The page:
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DAVILA v. NEW YORK HOSP.

UNITED STATES DISTRICT COURT FOR THE SOUTHERN DISTRICT OF NEW YORK


January 4, 1993

LUIS DAVILA, Plaintiff,
v.
THE NEW YORK HOSPITAL, Defendant.

The opinion of the court was delivered by: SHIRLEY WOHL KRAM

MEMORANDUM OPINION AND ORDER

 SHIRLEY WOHL KRAM, U.S.D.J.

 At issue in this case involving alleged employment discrimination on the basis of national origin, is whether certain provisions of the Civil Rights Act of 1991 (the "Act" or the "1991 Act"), Pub. L. No. 102-166, 105 Stat. 1071 (1991), should be applied retroactively to cases pending at the time of the Act's enactment that involve conduct occurring before its passage. Also at issue, is whether plaintiff is entitled to punitive damages and a jury trial on his state law claims.

 INTRODUCTION

 Plaintiff Luis Davila ("Davila"), an immigrant to this country from Bolivia, was employed by defendant New York Hospital (the "Hospital") from June 1983 through April 1989. From June 1986 until his termination, Davila held the position of cardiovascular technician. Davila alleges that he was forced to resign from this position on March 15, 1989, because of his national origin.

 On October 6, 1989, Davila filed a charge of discrimination based upon national origin with the Equal Employment Opportunity Commission ("EEOC"). In his complaint, Davila alleged that he was subjected to differential treatment in the terms and conditions of his work requirements and to harassment based upon his national origin. Davila further alleged that this discrimination resulted in his constructive discharge. On June 12, 1991, the EEOC dismissed Davila's complaint and advised him of his right to sue within 90 days of his receipt of the dismissal.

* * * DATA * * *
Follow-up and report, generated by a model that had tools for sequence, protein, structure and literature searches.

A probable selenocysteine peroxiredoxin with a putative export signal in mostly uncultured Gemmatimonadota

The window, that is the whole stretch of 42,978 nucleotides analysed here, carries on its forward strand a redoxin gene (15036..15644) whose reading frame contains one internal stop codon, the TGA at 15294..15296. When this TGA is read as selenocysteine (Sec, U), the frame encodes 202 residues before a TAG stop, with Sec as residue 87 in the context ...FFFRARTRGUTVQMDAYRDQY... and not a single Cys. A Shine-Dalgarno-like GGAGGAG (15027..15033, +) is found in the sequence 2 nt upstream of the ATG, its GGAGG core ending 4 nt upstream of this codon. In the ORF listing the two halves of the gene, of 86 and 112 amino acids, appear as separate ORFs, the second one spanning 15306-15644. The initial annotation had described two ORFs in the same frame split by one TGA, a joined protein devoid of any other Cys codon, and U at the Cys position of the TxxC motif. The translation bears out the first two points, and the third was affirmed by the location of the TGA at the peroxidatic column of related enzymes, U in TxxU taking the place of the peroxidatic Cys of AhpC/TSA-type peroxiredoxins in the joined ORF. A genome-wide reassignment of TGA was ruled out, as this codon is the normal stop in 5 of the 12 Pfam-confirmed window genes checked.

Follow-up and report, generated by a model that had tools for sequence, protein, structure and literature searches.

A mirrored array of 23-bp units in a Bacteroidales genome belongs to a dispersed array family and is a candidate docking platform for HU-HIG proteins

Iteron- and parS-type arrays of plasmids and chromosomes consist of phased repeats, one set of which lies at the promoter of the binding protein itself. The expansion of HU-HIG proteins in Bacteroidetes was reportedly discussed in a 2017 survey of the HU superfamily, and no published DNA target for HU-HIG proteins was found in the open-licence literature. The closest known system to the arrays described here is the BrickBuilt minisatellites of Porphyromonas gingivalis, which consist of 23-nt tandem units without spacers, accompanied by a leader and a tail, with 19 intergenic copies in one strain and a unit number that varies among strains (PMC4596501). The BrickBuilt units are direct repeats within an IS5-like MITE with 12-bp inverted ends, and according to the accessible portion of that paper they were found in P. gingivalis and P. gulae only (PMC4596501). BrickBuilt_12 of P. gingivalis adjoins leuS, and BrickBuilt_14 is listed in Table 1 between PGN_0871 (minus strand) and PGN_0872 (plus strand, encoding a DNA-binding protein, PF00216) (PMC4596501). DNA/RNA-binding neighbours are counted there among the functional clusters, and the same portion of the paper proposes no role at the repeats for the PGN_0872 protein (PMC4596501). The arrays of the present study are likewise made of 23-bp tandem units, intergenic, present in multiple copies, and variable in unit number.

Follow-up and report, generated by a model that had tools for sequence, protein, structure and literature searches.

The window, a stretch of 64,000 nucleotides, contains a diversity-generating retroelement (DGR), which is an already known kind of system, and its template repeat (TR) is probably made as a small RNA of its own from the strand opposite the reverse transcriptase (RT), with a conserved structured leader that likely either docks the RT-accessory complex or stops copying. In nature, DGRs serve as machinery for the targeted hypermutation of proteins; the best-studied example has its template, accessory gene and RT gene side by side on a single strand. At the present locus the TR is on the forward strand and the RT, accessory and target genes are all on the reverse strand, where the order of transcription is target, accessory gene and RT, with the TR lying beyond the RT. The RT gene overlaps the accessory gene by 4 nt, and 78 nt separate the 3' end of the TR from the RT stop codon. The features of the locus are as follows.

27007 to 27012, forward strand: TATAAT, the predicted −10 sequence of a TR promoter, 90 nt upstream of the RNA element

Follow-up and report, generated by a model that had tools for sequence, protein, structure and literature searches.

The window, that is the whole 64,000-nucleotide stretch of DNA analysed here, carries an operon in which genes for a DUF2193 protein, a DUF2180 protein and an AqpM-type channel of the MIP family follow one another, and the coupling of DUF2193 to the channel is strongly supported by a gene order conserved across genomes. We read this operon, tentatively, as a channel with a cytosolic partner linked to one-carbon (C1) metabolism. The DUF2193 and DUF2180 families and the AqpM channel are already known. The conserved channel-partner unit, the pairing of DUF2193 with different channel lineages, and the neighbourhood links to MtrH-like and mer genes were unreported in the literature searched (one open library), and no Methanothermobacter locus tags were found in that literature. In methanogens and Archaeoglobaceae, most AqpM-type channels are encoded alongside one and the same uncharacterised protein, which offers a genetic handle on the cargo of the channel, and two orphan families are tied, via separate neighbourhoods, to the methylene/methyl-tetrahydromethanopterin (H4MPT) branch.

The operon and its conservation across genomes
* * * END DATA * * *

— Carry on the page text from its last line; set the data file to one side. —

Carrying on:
Davila commenced this action on September 5, 1991, by serving and filing a pro se complaint. His complaint alleged that he had been terminated by the Hospital on the basis of his national origin in violation of Title VII of the Civil Rights Act of 1964, 42 U.S.C. § 2000(e) et seq. ("Title VII").

 Thereafter, Davila retained an attorney who served an amended complaint on the Hospital on March 6, 1992. Davila's amended complaint realleges his Title VII claim, and asserts new causes of action under 42 U.S.C. § 1981 ("Section 1981") and the New York State Human Rights Law, N.Y. Exec. Law § 296 et seq. (the "New York HRL"). Specifically, Davila alleges that he was harassed by the imposition of discriminatory work standards and conditions; subjected to work assignments and conditions less favorable than similarly situated non-Hispanic employees; and constructively discharged, all in violation of Section 1981, Title VII and the New York HRL. In his prayer for relief, Davila seeks declaratory and injunctive relief, reinstatement, back pay, and compensatory and punitive damages. Davila has demanded a jury trial for each of his claims.

 In amending his complaint, Davila seeks to apply retroactively certain provisions of the 1991 Act, which became effective on November 21, 1991, more than two months after Davila filed his suit. Specifically, Davila seeks to apply those portions of the 1991 Act that would allow him to maintain his Section 1981 claim, seek compensatory and punitive damages under Title VII and demand a jury trial for his Title VII claim.